My well is 300 feet down and I have plenty of water however after heavy usage the water turns that lovely clay /rust/orange color and it then takes several days or longer to return to "normal" .

I recently had a whole house water filter installed and it does a good job but even it can not get rid of the orange water for several days after a heavy usage.

This also results in my scrubbing toilets and sinks and whatever else the rust color ends up on for several days .

Maybe one of you has a "fix" for keeping my water from turning orange with heavy usage.

I actually have a brand new pressure washer but I can go only so far due to the height of this house.

I spent some time researching and found several companies in the Wake County area that have water trucks and do pressure washing.

I also placed an ad on Craigslist and got responses from several local companies that will provide the water for pressure washing . They all do free estimates , insured and experienced.

Answered by LCD: I don't blame you for not wanting to get up on a ladder for a 3 story house - I won't go above 2 stories to work without scaffolding either - above about 20 feet the ladders are just not stable enough to do more than very minimal work from.

Excellent - glad you found a couple of potential contractors with water trucks - sounds like you are in business, though the third story is likely to add a hundred or two to the price, as he may also consider it too high for safety and want to bring in a towable manlift to do the job - about $150-200 or so rental for a day.

On the orange water - if your water is OK under normal usage, I would not mess with it. The screen and bottom of the well forms iron algae and rusty silt buildup during normal use - when you draw the water level down, a bunch of this will slough off into the well, muddying the water and discoloring all the water in the well. This is probably what you are seeing. High consumption also xxxx in silt that has settled in the well pack (the gravel around the screen) and under normal usage just sits settled out in the gravel, but mobilizes in high flow rate and high drawdown conditions.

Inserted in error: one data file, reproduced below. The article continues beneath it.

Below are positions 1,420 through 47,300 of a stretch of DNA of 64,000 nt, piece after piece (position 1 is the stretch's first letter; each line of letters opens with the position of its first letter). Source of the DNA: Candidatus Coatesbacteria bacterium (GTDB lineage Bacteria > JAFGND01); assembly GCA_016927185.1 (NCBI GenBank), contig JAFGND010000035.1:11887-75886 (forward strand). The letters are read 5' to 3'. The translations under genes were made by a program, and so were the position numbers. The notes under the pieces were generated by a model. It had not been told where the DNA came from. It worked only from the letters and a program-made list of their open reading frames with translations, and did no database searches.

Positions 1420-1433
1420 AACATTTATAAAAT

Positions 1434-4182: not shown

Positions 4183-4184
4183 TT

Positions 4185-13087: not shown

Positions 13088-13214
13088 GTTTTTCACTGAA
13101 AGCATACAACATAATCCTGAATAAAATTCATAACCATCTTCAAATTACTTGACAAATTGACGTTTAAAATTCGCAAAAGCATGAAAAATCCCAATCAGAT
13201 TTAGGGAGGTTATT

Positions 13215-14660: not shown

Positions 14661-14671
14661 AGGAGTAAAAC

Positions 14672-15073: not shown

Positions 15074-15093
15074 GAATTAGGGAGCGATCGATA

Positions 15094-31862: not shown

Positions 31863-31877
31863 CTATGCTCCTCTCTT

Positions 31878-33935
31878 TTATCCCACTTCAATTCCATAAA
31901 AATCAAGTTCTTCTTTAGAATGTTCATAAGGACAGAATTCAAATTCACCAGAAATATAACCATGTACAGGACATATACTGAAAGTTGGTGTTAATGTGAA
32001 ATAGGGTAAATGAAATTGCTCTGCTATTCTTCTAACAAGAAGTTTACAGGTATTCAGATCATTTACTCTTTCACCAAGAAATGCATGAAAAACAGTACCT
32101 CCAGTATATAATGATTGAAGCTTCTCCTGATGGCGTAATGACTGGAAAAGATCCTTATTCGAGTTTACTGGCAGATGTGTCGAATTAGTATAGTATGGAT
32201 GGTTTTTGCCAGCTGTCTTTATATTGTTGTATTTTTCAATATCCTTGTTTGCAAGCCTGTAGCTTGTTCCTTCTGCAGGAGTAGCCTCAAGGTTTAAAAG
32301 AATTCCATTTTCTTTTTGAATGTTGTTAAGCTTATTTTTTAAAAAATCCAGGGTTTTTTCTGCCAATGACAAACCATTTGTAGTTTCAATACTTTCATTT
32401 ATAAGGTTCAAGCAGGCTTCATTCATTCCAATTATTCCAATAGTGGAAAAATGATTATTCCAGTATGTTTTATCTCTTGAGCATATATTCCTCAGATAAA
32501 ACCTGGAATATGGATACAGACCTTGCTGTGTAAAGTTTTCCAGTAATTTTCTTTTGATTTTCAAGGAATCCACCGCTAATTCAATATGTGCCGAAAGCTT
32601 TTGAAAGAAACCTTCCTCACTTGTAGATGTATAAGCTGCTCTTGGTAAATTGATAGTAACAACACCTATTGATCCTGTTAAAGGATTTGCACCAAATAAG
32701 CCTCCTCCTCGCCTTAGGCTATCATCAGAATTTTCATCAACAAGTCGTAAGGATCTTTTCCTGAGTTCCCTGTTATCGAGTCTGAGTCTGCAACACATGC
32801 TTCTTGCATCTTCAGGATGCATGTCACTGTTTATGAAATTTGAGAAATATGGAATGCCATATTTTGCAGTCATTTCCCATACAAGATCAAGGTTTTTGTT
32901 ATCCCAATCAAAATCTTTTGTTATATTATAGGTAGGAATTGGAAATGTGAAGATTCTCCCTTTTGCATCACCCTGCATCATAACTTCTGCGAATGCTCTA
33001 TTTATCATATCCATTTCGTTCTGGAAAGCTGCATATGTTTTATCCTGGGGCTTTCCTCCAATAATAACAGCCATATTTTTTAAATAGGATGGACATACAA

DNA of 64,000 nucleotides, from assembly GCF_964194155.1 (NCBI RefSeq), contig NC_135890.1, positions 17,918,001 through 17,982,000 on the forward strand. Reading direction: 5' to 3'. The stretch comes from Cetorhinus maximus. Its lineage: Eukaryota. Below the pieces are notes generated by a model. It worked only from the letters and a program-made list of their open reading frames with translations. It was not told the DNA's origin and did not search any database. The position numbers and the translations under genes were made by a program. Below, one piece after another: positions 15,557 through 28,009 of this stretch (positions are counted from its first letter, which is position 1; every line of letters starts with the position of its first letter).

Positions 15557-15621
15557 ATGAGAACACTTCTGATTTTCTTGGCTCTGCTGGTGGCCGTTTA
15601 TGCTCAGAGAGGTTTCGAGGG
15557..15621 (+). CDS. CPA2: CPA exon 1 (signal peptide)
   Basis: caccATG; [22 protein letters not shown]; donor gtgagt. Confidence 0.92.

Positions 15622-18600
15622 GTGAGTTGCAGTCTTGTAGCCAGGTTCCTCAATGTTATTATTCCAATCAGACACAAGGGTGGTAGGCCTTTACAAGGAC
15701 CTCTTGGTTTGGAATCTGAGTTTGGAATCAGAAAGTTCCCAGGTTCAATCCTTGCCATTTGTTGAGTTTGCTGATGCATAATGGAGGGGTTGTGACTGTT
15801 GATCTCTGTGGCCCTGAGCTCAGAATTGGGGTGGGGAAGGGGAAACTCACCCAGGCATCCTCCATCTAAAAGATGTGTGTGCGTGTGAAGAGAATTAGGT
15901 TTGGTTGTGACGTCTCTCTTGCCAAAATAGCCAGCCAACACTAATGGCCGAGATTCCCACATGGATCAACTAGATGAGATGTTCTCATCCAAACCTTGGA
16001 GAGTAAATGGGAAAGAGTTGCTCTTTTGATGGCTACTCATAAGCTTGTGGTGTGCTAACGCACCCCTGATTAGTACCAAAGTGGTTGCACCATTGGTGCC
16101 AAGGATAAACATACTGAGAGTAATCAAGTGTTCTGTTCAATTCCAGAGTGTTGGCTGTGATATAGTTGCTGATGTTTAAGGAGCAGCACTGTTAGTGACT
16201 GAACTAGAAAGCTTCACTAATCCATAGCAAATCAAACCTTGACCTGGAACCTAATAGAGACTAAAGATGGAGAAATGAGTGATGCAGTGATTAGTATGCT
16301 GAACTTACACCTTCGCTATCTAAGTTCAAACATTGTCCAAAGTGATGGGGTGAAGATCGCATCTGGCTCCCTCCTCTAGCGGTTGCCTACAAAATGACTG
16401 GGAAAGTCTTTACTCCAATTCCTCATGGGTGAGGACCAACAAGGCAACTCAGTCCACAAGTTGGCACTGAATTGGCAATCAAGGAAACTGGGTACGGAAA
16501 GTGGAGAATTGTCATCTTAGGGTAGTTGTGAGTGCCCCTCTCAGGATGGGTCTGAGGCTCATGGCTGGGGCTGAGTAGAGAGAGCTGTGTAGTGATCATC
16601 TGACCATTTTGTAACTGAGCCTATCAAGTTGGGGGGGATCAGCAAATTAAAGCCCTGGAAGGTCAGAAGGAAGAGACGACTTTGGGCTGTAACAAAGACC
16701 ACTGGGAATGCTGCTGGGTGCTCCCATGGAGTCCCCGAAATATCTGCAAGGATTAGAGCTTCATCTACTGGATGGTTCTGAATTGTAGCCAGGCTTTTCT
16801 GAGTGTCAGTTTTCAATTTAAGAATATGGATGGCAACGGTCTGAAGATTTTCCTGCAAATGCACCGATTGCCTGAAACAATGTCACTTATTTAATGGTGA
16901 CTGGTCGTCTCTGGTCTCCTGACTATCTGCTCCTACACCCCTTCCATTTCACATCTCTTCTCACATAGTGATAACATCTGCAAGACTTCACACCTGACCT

The cure, short-term only, is a surge block cleaning with a drill rig - like a super plunger in the bottom of the well, and an acid treatment. Costly ($1000-2000 typically for a deep well), plus unless your screen is stainless steel, can collapse a rusty screen. My advice is as long as a well is producing OK and the water is normal for your area, don't mess with it.

Even surge blocking and installing a stainless screen will normally not cure it, just clean it up for a year or so, because the iron buildup is almost always from iron and/or sulfides in the water that precipitate out when they hit the aerated environment of the well, plus some from normal well casing rusting.

Sounds like you are in good shape - enjoy your clean house.

Answered by jmkreisle: Almost any pressure washing service provider that is professional will have a water tank on truck or trailer. Most will still use the properties water provided it has adequate flow and supply. In the case of a home with low well supply, the contractor would bring water but also charge moore for the extra time to fill and haul water.

Her is what a professional pressure washing service truck may look like...

Notice all equipment is contained on truck and water tank as well. Professionals would have the house cleaned in about an hour and half with no ladder being used nor equipment rolled through yard.

The professionals look different than what the handyman types look like. No big box store portable cheap pressure washers and ladders against home. No short hoses. No blasting willy nilly.


Answered by pgpw: Most residential professional contractors will tap into the homeowners water simply because it may be too difficult to get trailers in and out of those areas. Somebody on here stated that real professional contractors have their own water tanks, well thats simply not the case. Mobile power washers are used very regularly with residential home exterior cleaning. The water usage is very minimal and quite frankly the price to the homeowner is usually less expensive allowing the contractor to tap into their water supply rather than the contractor supplying the water.

Answered by holcomb: Sounds more like a water filtration problem for you. You can try a series of carbon filters with the microns getting smaller from filter to filter. A reverse osmosis filtration system will definetly solve the problem, but is costly and will remove everything from your water, even the healthy minerals.